Paris Is Burning expanded the nonfiction-filmmaking tradition. It is not only a politically astute, historically vital record of lives not typically given such a platform, in a particular place and time, but an embodiment of the axiom that great documentaries must also be good dramas. Like such groundbreaking practitioners of the form as Frederick Wiseman, the Maysles brothers, Camille Billops, Barbara Hammer, and Marlon Riggs, Livingston demonstrates a deft ability to broaden the social contexts of observational filmmaking and personal narratives by using engaging performance as documentary evidence.
Livingston’s approach to bringing Paris Is Burning to fruition was something of an anomaly. A self-described “white, Ivy-educated Jewish kid, born in Texas and raised in LA,” she was, after studying photography and painting at Yale, “driven by a desire to explore filmmaking.” She has described the seven years it took to make Paris Is Burning as “my self-taught graduate school.” Having come of age and come out as a lesbian feminist in the early eighties, she was a photographer who moved to New York in 1985 and became active in ACT UP, the grassroots AIDS awareness and prevention organization that was founded in 1987. Indeed, mid-to-late-eighties New York City, in all its predigital grit, is another tangible presence in the film—an urban landscape that predates the Disneyfication of Forty-Second Street and the gentrification of Harlem.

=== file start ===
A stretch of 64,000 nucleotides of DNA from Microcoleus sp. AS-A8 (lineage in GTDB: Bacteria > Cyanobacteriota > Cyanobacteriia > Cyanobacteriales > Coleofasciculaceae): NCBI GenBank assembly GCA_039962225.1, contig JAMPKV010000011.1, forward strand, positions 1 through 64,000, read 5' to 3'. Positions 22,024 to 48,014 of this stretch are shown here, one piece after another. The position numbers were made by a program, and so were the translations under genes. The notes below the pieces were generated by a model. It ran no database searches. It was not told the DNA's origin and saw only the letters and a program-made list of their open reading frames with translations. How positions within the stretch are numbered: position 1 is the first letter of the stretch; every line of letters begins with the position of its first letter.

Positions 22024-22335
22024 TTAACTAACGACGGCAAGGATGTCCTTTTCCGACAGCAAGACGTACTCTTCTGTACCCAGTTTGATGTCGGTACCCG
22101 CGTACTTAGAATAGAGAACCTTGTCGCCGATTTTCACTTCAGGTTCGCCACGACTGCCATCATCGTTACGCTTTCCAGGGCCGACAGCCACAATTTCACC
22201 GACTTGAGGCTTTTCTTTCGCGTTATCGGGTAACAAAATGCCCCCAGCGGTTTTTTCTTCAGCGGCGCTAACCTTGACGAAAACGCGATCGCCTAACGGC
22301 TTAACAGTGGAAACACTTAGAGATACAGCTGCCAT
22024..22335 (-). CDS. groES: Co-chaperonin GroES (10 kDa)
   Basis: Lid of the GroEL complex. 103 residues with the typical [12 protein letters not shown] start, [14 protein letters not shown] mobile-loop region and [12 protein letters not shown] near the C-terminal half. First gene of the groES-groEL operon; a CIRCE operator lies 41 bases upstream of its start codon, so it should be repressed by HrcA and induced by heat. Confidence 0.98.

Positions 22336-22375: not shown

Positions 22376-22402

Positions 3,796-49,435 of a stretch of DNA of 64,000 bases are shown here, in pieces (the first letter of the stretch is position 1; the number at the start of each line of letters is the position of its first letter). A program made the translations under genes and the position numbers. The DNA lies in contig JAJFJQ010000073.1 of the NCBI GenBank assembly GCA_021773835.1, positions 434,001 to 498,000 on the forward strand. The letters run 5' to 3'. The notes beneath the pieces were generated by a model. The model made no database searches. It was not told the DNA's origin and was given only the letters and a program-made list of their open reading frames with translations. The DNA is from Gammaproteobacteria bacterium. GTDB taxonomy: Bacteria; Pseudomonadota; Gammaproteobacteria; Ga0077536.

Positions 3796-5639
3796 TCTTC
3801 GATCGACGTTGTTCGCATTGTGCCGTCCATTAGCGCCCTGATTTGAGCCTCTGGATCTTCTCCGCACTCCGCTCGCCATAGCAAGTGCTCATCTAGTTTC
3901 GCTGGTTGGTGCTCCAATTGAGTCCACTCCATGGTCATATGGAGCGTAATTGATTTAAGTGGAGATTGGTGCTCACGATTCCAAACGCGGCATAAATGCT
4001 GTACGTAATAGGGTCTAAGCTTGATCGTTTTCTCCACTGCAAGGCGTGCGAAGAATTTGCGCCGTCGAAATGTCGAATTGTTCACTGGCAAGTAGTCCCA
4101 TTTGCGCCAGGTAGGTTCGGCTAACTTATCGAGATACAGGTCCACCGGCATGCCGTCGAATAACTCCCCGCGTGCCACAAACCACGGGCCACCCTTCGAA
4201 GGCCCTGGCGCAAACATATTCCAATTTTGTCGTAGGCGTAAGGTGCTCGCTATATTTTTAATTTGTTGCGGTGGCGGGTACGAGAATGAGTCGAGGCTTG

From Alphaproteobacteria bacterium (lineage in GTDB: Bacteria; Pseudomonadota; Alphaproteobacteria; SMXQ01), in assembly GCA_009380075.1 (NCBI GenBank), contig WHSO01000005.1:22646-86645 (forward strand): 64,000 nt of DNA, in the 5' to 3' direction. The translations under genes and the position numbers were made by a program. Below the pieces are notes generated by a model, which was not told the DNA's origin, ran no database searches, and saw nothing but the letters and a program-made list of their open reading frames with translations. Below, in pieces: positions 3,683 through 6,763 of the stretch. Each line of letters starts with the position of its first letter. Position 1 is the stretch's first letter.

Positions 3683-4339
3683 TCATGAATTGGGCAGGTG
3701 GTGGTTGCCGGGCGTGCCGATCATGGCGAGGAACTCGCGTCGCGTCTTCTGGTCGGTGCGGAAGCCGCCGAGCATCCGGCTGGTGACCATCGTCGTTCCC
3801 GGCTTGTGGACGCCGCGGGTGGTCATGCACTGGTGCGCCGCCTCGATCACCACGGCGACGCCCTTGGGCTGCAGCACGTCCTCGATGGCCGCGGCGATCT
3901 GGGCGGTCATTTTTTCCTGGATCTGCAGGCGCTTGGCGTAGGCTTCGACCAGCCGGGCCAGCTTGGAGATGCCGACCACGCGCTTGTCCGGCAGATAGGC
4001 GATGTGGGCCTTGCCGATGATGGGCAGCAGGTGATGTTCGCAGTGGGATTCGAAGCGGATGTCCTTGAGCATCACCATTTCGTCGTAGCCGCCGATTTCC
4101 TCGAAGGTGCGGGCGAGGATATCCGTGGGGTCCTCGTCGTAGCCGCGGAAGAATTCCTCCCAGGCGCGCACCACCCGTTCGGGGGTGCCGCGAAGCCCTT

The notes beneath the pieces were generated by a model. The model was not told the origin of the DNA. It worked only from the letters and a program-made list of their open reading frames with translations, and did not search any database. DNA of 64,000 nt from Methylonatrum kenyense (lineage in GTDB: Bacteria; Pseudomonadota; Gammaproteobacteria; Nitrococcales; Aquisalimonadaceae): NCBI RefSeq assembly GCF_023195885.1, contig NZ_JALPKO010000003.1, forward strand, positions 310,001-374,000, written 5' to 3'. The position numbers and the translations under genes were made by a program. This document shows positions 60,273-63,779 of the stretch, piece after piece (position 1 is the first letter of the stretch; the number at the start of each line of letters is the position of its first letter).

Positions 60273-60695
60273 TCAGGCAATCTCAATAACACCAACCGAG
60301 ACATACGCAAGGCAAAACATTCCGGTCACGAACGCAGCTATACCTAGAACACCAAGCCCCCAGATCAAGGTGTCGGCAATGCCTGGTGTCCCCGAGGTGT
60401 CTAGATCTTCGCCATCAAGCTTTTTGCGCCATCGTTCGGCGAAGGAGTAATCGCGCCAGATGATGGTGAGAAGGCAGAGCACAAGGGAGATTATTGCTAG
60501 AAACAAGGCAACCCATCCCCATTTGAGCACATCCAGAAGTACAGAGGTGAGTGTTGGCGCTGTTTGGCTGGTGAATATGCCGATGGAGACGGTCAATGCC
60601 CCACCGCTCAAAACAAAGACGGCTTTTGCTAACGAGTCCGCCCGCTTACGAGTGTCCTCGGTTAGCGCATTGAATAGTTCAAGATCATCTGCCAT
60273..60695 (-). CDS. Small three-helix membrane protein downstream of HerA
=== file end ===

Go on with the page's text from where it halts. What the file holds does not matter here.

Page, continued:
Absorbed in discovering and documenting the city, Livingston found herself drawn to a cluster of young Black queens voguing and throwing “category” shade among themselves in Washington Square Park. This happenstance led her to the Harlem ball scene and the desire to capture it, her concept enlarging over time from a small photo project to a feature-length documentary. She had the stalwart support of friends, family, mentors, other independent filmmakers, WNYC-TV, and the queer-cinema festival circuit (I first saw the film at New York’s NewFest in June 1990) in making and showing the film, but she then struggled to find distribution. For Livingston, Paris Is Burning became a life’s journey.